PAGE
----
After exploring a simple dataset to learn these tools, we applied what we learned to two real examples of circular datasets: one testing for magnetoreception in salmon (based on Putman et al. 2014), and the other testing for visual orientation in deep-sea squids (Thomas et al. 2017). The lesson was designed to be a code after me, step-by-step journey through data analysis for undergraduate students.
Graduate Students: Julia Notar and Katie Thomas
Faculty: Tom Mitchell-Olds
Course: Bio 304, Biological Data Analysis
This lesson was done entirely in R, an open-source, free programming environment, and provided a rich opportunity for teaching students to explore, manipulate, and statistically analyze data using R and connect it to biological principles and questions. We did this through the introduction and analysis of circular datasets. Circular data is data that indicates an angular orientation (for example, which way an animal is facing or moving, which can be measured in degrees or radians) or a periodic event (for example, circadian rhythms). We took students from raw biological data to publication-quality figures and statistical analyses to demonstrate the broad applications of computing software and the benefits of learning a flexible, open-source programming language.
After an introduction to circular data, students were presented with two different datasets to address two different biological questions using similar circular data analyses.
- Do salmon use an inherited magnetic map to navigate using the Earth’s magnetic field?
- Do cockeyed squids orient their different sized eyes in different directions to look at different light sources?
The first dataset is a transformation (for copyright purposes) of the results of an experiment testing the effect of varying magnetic fields on juvenile salmon orientation (Putman et al. 2014). It contains the results of two experimental treatments and one control treatment, each in a column, with rows indicating the circular orientation (in degrees) of each juvenile salmon in the experiment. The data are from a published study on how naïve juvenile salmon navigate hundreds to thousands of kilometers to feeding areas, and support the hypothesis that salmon use magneto-reception to help in migrations.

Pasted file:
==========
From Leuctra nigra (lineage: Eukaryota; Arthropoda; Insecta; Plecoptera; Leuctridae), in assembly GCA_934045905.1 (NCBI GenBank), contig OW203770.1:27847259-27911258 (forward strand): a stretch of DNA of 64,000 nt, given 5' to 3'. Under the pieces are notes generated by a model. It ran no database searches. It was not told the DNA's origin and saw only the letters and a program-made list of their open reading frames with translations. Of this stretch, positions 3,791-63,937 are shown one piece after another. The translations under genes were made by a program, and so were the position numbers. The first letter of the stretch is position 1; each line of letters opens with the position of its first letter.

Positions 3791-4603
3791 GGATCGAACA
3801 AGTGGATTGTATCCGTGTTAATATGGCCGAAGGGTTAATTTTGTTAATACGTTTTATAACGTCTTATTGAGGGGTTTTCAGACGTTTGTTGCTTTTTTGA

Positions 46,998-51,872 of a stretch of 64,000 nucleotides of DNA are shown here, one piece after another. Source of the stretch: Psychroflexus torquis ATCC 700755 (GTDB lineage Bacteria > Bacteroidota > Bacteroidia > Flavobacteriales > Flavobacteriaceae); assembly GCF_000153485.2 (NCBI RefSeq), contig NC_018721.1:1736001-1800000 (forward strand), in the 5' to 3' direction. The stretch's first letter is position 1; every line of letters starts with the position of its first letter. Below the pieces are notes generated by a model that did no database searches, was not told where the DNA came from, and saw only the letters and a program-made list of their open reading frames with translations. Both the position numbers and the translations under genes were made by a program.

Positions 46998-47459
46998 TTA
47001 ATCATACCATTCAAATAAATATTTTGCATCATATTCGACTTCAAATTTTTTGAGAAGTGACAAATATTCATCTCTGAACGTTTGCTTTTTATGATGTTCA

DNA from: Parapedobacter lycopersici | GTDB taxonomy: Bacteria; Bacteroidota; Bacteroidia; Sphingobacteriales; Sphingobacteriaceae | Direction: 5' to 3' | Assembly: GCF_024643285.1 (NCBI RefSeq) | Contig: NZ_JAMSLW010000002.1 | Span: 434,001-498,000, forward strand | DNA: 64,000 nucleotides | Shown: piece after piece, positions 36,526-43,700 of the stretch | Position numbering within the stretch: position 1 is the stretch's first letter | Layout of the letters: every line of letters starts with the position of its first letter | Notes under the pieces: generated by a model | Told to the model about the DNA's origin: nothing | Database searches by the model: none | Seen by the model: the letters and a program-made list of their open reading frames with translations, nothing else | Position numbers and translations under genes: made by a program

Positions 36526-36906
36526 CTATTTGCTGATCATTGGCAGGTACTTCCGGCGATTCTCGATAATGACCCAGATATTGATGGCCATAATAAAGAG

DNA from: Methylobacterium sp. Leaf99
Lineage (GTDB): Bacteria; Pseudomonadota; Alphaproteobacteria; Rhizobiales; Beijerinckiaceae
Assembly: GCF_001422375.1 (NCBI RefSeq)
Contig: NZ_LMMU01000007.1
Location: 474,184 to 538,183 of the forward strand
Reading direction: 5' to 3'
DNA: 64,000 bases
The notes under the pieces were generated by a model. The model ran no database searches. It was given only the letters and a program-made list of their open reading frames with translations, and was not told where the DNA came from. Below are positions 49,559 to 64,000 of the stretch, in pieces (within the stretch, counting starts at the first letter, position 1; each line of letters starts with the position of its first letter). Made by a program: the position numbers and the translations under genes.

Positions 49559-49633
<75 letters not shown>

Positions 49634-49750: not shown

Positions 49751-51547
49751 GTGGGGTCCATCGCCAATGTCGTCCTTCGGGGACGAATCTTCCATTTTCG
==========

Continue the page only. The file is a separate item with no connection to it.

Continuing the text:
The second dataset is raw data on in situ visual orientation among deep-sea cockeyed squids (Thomas et al. 2017). The measurements come from 30 years of deep-sea video data that were analyzed for squid eye orientations. Columns indicate the species, left eye orientation, and right eye orientation for each individual squid measured. The data are from a published study on the functions of different sized eyes in cockeyed squids, and support the hypothesis that the larger left eye looks upward toward dim, downwelling sunlight and the smaller right eye looks downward for flashes of bioluminescence.
We designed this to be a first introduction to circular data analysis in R. We chose to use two different datasets so that students could first be led through data import, sub-setting, transformation, plotting, and statistical analysis by the instructors. Students are given only the data files at the beginning of class, and then are walked through coding and structuring analyses by the instructor. Then, we ask them to apply these methods and skills to a different dataset answering a completely different biological question on their own.
“Very clear explanations of why circular data needed to be treated differently”
“They were really understanding of our knowledge of R, but also really helped out in letting us know other features of R and Data Analysis that the class may not have explored”
“The explanations were very thorough and helped me truly understand what I was doing when I started to write the code on my own”
“The pace was good! Really appreciated both lecturers who repeated things over and over so we could follow along!”
“It was helpful getting to use some of the programming language in a different style of questions”
“Very interesting to learn about circular data”
“I thought the lectures were very interesting, applicable, and well-taught!”
Putman, N. F., M. M. Scanlan, E. J. Billman, J. P. O’Neil, R. B. Couture, T. P. Quinn, K. J. Lohmann, and D. L. G. Noakes. 2014. An inherited magnetic map guides ocean navigation in juvenile pacific salmon. Curr. Biol. 24:446–450. Elsevier Ltd.
Thomas, K., B. Robison, and S. Johnsen. 2017. Two eyes for two purposes: in situ evidence for asymmetric vision in the cockeyed squids Histioteuthis heteropsis and Stigmatoteuthis dofleini. Philos. Trans. R. Soc. B-Biological Sci. 372:20160069.